There is also a slightly sentimental and romantic view continuing in such texts as to what constitutes being a ‘good’ mother. This is often at odds with what the mother characters display, but it is what the child nurturers seem intent on providing. There is a subtext in a number of these books that the mothers would provide the ‘correct’ nurturing; indeed they want to do so, but some factor beyond their control prevents it. In the case of Steven's mother in Change the Locks, it is her depression which causes this. To give but one example, Steven arrives home from school to find his baby brother wet and crying in his cot.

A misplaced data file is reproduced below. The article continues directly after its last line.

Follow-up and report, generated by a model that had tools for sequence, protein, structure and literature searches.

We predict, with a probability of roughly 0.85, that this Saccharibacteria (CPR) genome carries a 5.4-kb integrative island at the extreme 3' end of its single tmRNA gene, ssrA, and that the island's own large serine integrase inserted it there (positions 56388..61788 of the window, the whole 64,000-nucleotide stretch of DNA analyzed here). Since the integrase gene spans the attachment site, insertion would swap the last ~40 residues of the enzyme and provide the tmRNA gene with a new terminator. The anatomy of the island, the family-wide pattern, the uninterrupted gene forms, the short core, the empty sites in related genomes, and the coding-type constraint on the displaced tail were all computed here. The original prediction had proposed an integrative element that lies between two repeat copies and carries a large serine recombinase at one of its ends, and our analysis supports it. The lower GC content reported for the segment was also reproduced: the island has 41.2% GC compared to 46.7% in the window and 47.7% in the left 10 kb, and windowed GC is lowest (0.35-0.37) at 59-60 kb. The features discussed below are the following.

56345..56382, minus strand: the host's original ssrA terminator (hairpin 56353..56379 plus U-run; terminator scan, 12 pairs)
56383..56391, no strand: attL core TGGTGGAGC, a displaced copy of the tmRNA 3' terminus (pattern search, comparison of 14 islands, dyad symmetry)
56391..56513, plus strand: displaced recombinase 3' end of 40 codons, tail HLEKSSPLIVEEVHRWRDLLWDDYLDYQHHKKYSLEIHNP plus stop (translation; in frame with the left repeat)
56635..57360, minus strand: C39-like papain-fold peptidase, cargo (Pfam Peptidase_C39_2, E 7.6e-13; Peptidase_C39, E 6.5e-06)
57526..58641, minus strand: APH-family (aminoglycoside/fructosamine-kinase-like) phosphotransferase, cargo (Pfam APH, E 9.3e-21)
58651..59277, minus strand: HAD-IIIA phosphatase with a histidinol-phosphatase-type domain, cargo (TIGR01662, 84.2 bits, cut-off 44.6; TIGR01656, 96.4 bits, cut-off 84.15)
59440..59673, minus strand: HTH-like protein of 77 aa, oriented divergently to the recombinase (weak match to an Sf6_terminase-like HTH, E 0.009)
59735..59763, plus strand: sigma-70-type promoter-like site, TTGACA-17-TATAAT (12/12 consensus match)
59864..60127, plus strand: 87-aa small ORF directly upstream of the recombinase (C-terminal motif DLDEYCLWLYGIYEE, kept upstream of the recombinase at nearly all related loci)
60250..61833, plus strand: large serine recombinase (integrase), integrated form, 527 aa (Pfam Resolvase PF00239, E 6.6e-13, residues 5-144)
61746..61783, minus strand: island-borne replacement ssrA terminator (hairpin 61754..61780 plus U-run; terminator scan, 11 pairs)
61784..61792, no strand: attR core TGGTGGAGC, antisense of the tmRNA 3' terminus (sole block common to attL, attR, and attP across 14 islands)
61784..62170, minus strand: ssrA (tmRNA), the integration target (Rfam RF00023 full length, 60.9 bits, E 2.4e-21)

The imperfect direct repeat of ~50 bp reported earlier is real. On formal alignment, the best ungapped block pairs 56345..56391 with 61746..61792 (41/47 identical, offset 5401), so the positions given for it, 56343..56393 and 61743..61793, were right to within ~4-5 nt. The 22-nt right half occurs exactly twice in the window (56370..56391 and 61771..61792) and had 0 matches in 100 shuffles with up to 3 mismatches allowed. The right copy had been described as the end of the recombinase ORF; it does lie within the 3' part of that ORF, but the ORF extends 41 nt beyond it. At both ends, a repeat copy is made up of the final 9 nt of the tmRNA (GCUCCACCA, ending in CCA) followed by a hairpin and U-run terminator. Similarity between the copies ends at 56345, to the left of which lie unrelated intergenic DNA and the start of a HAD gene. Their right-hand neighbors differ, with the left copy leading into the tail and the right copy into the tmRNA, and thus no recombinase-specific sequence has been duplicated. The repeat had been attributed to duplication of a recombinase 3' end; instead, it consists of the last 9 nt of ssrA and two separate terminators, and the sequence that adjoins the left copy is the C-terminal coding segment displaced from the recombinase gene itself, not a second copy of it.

Steven realises his mother has, as he says, ‘forgotten’ the baby ‘again', and so he changes the child and gets him up. Steven holds him for some time, but their mother makes no move to help and remains sitting at the kitchen table with a magazine:'… she wouldn't look at us. I wanted to grab that magazine and throw it across the room, but instead let Dylan take the feed bottle of juice with his chubby fingers.’14 Steven has, of course, prepared the bottle. By contrast, there is a day when Steven
comes home to a mother he describes as ‘normal'. She is smiling and cleaning the house, and the washing machine has ‘hummed back into life after a long silence’.15